Twenty years ago most of us were aware that original documents were found in the courthouses and archives and we could find other, important information at libraries.
In 1996, the birth of the GenWeb project opened the door to online research, which drastically changed the way we search for our ancestors. This thing called Internet told us we could do research at home and in our jammies, no less! No longer did we have to get out in the cold or heat, drive across town or across the state to access those records. We didn't even have to search during certain hours of the day or week. Internet was available around the clock. How special is that!
Everyone wins, right? Not necessarily. We humans seem to spend an inordinate amount of time simplifying a task. In our rush to make things very basic, we have lost some of the most basic tenets of good research.
* We have forgotten how to attach a source to each fact not of common knowledge
* We have decided that anything found online is free to use without asking permission or attributing the material to its creator.
* We seem to believe if someone else has it on their website it must be true.
* If we repeat what is possibly an error over and over, it will become a fact.
We have lost sight of our goal to find the facts so we can understand where, when and how our ancestors lived. We can find these facts where the events happened as well as where they did not happen. In other words, we must do a "Reasonably Exhaustive Research."
In making our research as simple as possible, we are neglecting the places that provide the best information - courthouses and libraries. Courthouses don't depend on genealogists for their funding or patronage so their futures are probably secure. That's good news as you will need to go there to find that mid-1800s marriage bond signed by your ancestor or the description of his property found in that old deed book. Be prepared for a personal visit because not all original courthouse documents are online and probably won't be in our lifetime.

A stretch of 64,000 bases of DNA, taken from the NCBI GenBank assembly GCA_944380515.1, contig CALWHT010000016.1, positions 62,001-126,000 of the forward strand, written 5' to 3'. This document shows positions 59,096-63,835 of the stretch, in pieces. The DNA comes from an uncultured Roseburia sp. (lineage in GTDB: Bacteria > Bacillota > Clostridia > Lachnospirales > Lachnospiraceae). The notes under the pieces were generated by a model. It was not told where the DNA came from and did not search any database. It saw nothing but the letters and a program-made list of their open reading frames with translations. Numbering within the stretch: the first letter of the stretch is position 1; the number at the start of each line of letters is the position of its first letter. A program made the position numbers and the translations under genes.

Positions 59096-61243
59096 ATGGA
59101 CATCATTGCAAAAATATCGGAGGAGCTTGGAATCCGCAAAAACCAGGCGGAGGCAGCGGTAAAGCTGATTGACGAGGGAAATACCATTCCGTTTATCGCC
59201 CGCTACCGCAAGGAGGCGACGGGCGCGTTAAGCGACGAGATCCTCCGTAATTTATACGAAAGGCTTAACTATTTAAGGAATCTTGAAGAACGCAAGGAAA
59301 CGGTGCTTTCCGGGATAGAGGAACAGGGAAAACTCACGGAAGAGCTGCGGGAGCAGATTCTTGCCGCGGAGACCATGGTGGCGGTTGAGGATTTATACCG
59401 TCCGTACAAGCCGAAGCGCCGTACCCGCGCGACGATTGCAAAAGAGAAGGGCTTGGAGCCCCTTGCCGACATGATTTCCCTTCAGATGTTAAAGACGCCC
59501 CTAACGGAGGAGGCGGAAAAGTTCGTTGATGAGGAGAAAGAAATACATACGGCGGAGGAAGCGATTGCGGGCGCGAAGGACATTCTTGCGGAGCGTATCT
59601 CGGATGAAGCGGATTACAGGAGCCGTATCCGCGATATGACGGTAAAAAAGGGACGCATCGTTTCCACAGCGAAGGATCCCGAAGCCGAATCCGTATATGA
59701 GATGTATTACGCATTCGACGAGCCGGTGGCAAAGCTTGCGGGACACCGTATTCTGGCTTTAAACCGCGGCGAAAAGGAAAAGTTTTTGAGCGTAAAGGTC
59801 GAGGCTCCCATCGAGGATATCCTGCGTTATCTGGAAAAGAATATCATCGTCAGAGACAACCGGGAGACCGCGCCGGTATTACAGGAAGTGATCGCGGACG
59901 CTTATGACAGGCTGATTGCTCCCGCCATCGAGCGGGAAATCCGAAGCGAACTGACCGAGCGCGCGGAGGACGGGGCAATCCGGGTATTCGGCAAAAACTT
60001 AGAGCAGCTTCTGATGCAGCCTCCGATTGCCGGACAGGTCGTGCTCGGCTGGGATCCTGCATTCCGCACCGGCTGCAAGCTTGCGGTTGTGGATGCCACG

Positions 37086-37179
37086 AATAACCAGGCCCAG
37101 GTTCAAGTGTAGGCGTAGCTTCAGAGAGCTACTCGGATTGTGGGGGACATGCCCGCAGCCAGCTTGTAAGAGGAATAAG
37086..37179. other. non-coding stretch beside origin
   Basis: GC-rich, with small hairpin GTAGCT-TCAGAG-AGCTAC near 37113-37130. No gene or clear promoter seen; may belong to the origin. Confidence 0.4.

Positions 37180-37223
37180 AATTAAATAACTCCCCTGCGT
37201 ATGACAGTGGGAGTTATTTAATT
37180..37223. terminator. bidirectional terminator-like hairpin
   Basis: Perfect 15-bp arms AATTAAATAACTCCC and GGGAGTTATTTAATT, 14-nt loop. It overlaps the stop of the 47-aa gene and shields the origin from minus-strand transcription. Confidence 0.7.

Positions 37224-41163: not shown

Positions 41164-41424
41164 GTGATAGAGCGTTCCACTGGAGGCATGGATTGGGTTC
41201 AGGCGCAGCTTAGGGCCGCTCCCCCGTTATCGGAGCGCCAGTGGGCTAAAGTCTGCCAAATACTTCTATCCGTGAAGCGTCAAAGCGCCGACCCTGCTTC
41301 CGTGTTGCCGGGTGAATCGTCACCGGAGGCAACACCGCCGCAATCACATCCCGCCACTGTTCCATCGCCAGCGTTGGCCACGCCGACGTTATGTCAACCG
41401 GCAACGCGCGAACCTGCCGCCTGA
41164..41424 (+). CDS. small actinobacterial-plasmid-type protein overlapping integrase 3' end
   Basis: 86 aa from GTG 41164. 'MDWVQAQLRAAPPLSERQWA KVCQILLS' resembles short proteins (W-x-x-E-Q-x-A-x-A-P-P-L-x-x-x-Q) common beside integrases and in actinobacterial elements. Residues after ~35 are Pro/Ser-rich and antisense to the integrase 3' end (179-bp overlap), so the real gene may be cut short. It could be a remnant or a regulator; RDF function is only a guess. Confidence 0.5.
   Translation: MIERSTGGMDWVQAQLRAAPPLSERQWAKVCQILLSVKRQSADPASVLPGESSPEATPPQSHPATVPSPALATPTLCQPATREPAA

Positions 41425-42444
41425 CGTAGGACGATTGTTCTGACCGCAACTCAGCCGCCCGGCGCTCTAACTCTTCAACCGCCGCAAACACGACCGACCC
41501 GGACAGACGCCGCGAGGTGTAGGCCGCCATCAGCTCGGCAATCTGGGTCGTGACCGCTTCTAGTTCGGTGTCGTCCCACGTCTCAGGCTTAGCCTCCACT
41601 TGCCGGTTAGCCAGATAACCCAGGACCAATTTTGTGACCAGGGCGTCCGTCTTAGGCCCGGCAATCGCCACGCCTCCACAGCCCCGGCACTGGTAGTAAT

Libraries are not faring as well. Some are cutting hours and staff because of decreased usage. Fewer genealogy books are being published today as everyone wants to search online, but library shelves are still full of great information ranging from county histories of the 1800s to biographies of long-dead people. You might also find microfilm rolls of local, unpublished records. My library has funeral home records as well as county tax polls, neither of which is online. Even if your library does not have a genealogy collection, there are treasures to be found. A general history of a particular era and area can provide information about the economic and social conditions during your ancestor's life. You can put him in the context of his place in history.
Is there a book you would like to read, but it isn't available at your library? Ask your librarian if you can borrow it through interlibrary loan. The cost is minimal and the rewards can be great.
Searching online is fine ... as far as it goes, but to avoid becoming a lazy researcher, don't forgot the sources of the greatest genealogical information. Visit your library and courthouse.
 Board for Certification of Genealogists, Genealogy Standards, 50th Anniversary Edition, (Washington, D.C.: Ancestry.com, 2014), 1.
Published 24 September 2015, Western Kentucky Genealogy Blog, http://wkygenealogy.blogspot.com/